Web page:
Drones

Domestic drones key to war on terror – provide information for counterterrorism

O’Brien 13 (Michael O’brien is a political reporter at NBC news, “FBI director tells Congress agency uses drones for surveillance on U.S. soil”, http://nbcpolitics.nbcnews.com/_news/2013/06/19/19041488-fbi-director-tells-congress-agency-uses-drones-for-surveillance-on-us-soil?lite, 6/19/13)

FBI director Robert Mueller said Wednesday that the nation's top law enforcement bureau uses drones to conduct surveillance on U.S. soil, though only on a "very, very minimal basis." Mueller, the FBI director since 2001 who is set to retire this year, acknowledged that his agency uses drones in its investigative and law enforcement practices, and is further working to establish better guidelines for the use of drones. "We are in the early stages of doing that, and I will tell you that our footprint is very small, we have very few, and have limited use. And we're exploring not only the use, but the necessary guidelines for that use," Mueller told senators at a hearing this morning when asked about the use of drones. The government's use of drones on U.S. soil has been well-documented. The Department of Homeland Security, for instance, employs aerial drones to help police the United States border with Mexico. Mueller said that drones are used for surveillance, though, only on a "seldom" basis. The FBI director's words come amid a simmering national debate in recent months about what limits should be placed on the government in its law enforcement and anti-terrorism activities. Sen. Rand Paul, R-Ky., for instance, waged a filibuster challenging President Barack Obama's use of drones in pursuing terrorist suspects. Paul won an affirmation from the administration that it was their thought that it would be illegal for the government to use a drone strike against a U.S. citizen on American soil. The drones that have come into practice in the United States, though, are different from the armed, militarized drones used in military operations. Still, the exchange reflects broader concerns about the scope of government power, represented most recently and most vividly by revelations about the National Security Agency's collection of phone and internet "meta-data" for analysis. Mueller, like virtually every other administration official and senior lawmaker who has spoken about the NSA practices in recent weeks, defended the NSA's activities as an invaluable tool in the government's pursuit of terrorist suspects. "If we're going to prevent terrorist attacks, we have to be on their communications," Mueller said during his appearance before the Senate Judiciary Committee. "You never know which dot will be critical. You need as many as you can get. Let there be no mistake, there would be fewer dots to connect if you don't have a data base that retains those records." As to the prosecution of Edward Snowden, the self-admitted leaker of information about NSA monitoring, Mueller said the leak had done legitimate harm to U.S. safety, and vowed to pursue Snowden. "As to the person who has admitted to making these disclosures, he is the subject of an ongoing criminal investigation," Mueller said. "These disclosures have caused significant harm to our nation and to our safety, and we are taking all necessary steps to hold accountable that person for these disclosures."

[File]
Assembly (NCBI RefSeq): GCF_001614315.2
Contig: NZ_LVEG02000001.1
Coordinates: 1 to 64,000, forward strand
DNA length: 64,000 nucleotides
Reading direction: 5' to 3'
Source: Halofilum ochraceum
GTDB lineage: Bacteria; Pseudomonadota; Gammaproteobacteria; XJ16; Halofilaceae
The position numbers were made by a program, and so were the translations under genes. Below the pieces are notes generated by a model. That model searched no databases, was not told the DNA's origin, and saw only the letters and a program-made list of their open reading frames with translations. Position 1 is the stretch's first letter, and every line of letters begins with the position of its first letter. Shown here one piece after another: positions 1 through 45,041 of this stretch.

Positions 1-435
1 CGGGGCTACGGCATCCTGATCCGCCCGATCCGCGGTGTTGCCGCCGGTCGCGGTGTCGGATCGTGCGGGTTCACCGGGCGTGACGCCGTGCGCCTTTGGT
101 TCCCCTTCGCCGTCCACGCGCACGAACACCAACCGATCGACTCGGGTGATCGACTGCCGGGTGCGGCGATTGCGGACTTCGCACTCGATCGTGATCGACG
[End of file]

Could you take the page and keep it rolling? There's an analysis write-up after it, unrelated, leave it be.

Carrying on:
Court approval/Oversight

Court approval creates too many hoops for intelligence programs to jump through – makes counter terrorism ineffective

Wiser 14 (Daniel Wiser is a researcher at the center for security policy, “Altering NSA Surveillance Programs Would Interfere With Vital Intelligence Operations”, http://www.centerforsecuritypolicy.org/2014/01/14/altering-nsa-surveillance-programs-would-interfere-with-vital-intelligence-operations/, 1/14/2014)